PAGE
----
“The guy that’s been hurt came back and put on his Superman jersey again and was incredible,” Roy Williams said. “It’s such a blend of strength and power and quickness that we couldn’t stop him getting the basketball inside and going to the basket.”
Williamson benefitted greatly by Garrison Brooks’s second-half foul troubles. In less than five seconds midway through the second half, Brooks—Carolina’s best option to defend Williamson—got his third and fourth fouls and had to exit the game. When he returned at the under-four timeout, Duke immediately fed Williamson in the post. Within a minute, Brooks would pick up his fifth foul, forcing Williams to put the 6’6” Little on Zion duty since bigs Sterling Manley and Brandon Huff aren’t fast enough to cover him.
This was a game the Tar Heels led by 13 at one point in the first half when Duke erased the deficit by halftime with the help of an unlikely duo of bench players, Antonio Vrankovic and Jordan Goldwire. Goldwire’s defense especially kept Duke in it late in the first half, and coach Mike Krzyzewski rewarded the two with second-half starts.
“Both those kids gave energy, and maybe that’s one of the reasons R.J. (Barrett) and Zion weren’t as tired,” said Krzyzewski, noting Duke’s greatest flaw without Williamson for those six games, “because they were … instead of giving energy to a teammate, they were getting energy from a teammate.”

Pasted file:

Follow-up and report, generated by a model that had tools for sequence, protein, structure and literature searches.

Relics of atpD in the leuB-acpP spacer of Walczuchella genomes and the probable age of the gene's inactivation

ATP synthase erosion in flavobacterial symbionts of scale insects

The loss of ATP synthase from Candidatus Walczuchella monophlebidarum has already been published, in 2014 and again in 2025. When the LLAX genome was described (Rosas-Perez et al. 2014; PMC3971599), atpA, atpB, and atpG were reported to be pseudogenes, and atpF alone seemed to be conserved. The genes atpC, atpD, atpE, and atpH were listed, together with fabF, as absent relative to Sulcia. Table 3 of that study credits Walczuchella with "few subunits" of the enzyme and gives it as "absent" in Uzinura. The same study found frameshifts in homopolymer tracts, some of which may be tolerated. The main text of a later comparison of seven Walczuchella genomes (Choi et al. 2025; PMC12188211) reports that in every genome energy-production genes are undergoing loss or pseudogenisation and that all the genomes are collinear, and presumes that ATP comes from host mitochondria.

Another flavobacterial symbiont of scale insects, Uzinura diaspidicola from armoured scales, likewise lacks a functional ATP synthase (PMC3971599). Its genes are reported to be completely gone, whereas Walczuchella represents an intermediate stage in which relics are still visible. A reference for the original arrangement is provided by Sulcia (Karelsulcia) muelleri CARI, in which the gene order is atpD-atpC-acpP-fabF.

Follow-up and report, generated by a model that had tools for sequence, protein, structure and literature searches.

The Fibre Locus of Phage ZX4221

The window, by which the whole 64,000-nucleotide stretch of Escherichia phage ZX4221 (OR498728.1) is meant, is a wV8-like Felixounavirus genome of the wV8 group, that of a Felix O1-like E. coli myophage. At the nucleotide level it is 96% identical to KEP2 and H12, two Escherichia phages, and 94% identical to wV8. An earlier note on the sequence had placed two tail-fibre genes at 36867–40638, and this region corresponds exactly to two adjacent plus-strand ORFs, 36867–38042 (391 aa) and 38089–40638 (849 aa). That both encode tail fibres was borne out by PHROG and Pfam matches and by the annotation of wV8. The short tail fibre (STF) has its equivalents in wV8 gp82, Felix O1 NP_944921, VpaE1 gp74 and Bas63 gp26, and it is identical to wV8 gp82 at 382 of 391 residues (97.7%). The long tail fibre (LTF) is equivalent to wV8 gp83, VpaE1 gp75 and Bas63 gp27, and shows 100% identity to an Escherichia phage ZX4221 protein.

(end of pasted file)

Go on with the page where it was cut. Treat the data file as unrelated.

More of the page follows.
Carolina had its chance to win and, thus, take three games from Duke for the first time since the 1975-76 season. Before Barrett missed two free throws with 12 seconds left up by one, Williams called a timeout to assess UNC’s options. Carolina had a play drawn up for a three-pointer, but short of needing that, the plan was to attack the basket.
But Duke’s defense off the missed free throw made that impossible for freshman guard Coby White, who put up UNC’s 27th three-point attempt on Friday night and found it unsuccessful like 22 others. Little’s follow attempt was off and Duke lived to duel Saturday against Florida State for what could be the Blue Devils’ league-leading 21st ACC tournament title.